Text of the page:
Baccio Baldini (c.1436–1487) is the elusive artist to whom these astrologically inspired engravings, created around 1464, are attributed.
Titled The Planets, this series of seven prints reflect prevailing systems of knowledge that during the 15th century governed the way people viewed the world around them. Specifically, they refer to the Ptolemaic concept of the universe where the earth resides at its centre, around which seven planets revolve including the sun and the moon.[i] Each engraving in the series depicts the personification of a planet (the Moon, Sun, Mercury, Venus, Mars, Jupiter, Saturn) presiding over the activities of its ‘children’ below – a popular subject for artistic interpretation in the 15th and 16th centuries.[ii]
Few hard facts are known about Baldini. The great Renaissance chronicler Giorgio Vasari (1511–1574) made passing mention of him as a goldsmith who lacked disegno, the talent to both conceive and design original visual ideas, suggesting that he largely relied upon the work of Sandro Botticelli (c.1444/5–1510).[iii] Yet more recent scholarly efforts have resulted in over 100 engravings being attributed to Baldini or his school, positioning this mysterious figure as one of the most important Florentine printmakers of the period.[iv] As such Baldini and his followers were amongst the earliest pioneers of what was then a relatively new graphic medium. They adapted engraving from the goldsmith’s craft of applying ornamental designs onto silver and gold, into a technique that could be used to incise increasingly complex images into metal plates, in order to reproduce them onto paper via the printing process.[v]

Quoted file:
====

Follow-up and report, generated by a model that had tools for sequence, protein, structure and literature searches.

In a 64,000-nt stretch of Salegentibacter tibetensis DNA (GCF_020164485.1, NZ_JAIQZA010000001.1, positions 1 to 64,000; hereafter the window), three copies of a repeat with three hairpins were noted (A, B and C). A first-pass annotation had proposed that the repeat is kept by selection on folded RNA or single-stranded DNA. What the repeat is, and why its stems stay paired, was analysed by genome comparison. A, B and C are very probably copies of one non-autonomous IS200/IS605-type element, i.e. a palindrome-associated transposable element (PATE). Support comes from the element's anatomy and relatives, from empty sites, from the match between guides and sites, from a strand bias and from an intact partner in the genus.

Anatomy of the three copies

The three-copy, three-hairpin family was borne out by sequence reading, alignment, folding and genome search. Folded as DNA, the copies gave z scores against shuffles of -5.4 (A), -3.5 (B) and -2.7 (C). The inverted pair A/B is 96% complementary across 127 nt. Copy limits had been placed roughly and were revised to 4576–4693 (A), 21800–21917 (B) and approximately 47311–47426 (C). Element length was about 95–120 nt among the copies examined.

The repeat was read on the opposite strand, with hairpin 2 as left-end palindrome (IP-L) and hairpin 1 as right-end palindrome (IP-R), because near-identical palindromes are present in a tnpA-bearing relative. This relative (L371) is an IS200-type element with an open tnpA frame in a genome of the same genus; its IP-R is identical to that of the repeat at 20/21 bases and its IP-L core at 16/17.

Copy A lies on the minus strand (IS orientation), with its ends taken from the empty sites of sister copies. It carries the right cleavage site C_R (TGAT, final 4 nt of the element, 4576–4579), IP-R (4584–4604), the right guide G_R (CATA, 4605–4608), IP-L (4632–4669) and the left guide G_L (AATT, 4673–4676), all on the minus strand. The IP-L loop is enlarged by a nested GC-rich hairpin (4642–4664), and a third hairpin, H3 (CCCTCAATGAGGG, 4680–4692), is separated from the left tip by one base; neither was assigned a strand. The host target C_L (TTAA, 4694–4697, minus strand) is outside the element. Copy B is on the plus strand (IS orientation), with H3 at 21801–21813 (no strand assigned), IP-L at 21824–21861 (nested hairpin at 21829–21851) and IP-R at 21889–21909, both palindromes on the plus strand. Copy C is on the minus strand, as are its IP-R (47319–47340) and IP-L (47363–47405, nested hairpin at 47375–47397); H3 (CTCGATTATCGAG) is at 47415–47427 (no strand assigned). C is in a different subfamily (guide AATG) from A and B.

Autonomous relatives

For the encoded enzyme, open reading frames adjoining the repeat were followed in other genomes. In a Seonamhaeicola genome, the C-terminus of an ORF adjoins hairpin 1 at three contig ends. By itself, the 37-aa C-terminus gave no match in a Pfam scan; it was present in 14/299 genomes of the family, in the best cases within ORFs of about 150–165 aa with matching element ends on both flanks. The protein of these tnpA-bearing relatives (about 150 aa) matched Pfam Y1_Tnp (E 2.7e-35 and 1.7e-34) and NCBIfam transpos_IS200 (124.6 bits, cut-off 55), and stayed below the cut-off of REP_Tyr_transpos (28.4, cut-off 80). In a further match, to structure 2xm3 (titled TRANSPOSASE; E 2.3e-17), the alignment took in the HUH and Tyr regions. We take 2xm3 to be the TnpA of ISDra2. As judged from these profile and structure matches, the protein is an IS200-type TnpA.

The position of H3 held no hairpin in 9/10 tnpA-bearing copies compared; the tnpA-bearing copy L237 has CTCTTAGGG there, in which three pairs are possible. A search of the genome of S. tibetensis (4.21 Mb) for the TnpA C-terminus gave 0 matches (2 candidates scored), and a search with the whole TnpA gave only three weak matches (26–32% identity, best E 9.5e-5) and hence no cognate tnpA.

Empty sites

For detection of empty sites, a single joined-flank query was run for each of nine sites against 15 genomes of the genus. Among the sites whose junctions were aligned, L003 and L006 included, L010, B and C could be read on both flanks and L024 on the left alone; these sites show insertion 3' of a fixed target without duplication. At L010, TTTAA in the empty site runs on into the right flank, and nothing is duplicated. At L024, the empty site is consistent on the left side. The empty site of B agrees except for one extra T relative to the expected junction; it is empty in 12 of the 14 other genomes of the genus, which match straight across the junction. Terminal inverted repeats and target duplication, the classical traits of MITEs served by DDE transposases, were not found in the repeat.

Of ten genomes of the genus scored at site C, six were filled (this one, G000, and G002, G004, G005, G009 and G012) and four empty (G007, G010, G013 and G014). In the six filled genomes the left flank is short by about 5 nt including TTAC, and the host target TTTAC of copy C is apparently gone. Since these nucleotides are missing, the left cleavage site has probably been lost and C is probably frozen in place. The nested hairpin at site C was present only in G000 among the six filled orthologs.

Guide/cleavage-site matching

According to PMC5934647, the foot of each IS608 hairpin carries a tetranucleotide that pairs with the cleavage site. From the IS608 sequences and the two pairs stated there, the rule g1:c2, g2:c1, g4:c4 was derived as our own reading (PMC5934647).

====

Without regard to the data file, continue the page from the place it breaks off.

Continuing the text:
As a series The Planets express a vast gamut of human experience in pictorial form. In each bustling image multiple figures engage in a dazzling array of activities that display the customs and rituals of different facets of society. Invisible planetary energy is enacted by the populace, described in a style that appears both richly ornamental and disarmingly naïve. Within each print numerous micro-scenes and their surrounding natural and architectural features seem to meander through the picture plane toward a characteristically high horizon line. While the sometimes awkward manner in which objects and figures recede through space reflects an understanding of perspective that was not yet fully refined.
In the engraving of Saturn, this dour planet is personified as an elderly bearded man carrying a scythe, riding upon a chariot in the sky. Below him on earth the scene is filled with figures enacting ‘lowly’ pursuits, which according to ancient texts were ruled by Saturn.[vi] Coarse looking men work the land, butcher pigs, beg, while a man in the bottom left foreground is constrained in the stocks and in the distance another hangs from the gallows.
While Saturn was responsible for field workers, low classes and those of poor fortune, if one was lucky enough to be born under a happier star, life was infinitely more enjoyable. For example in the print of Venus who rules lovers, the goddess presides over a garden of courtly romance. Her children are depicted absorbed in various pleasure pursuits such as dancing, playing music, canoodling, even enjoying bath-tub threesome as pictured in the middle distance.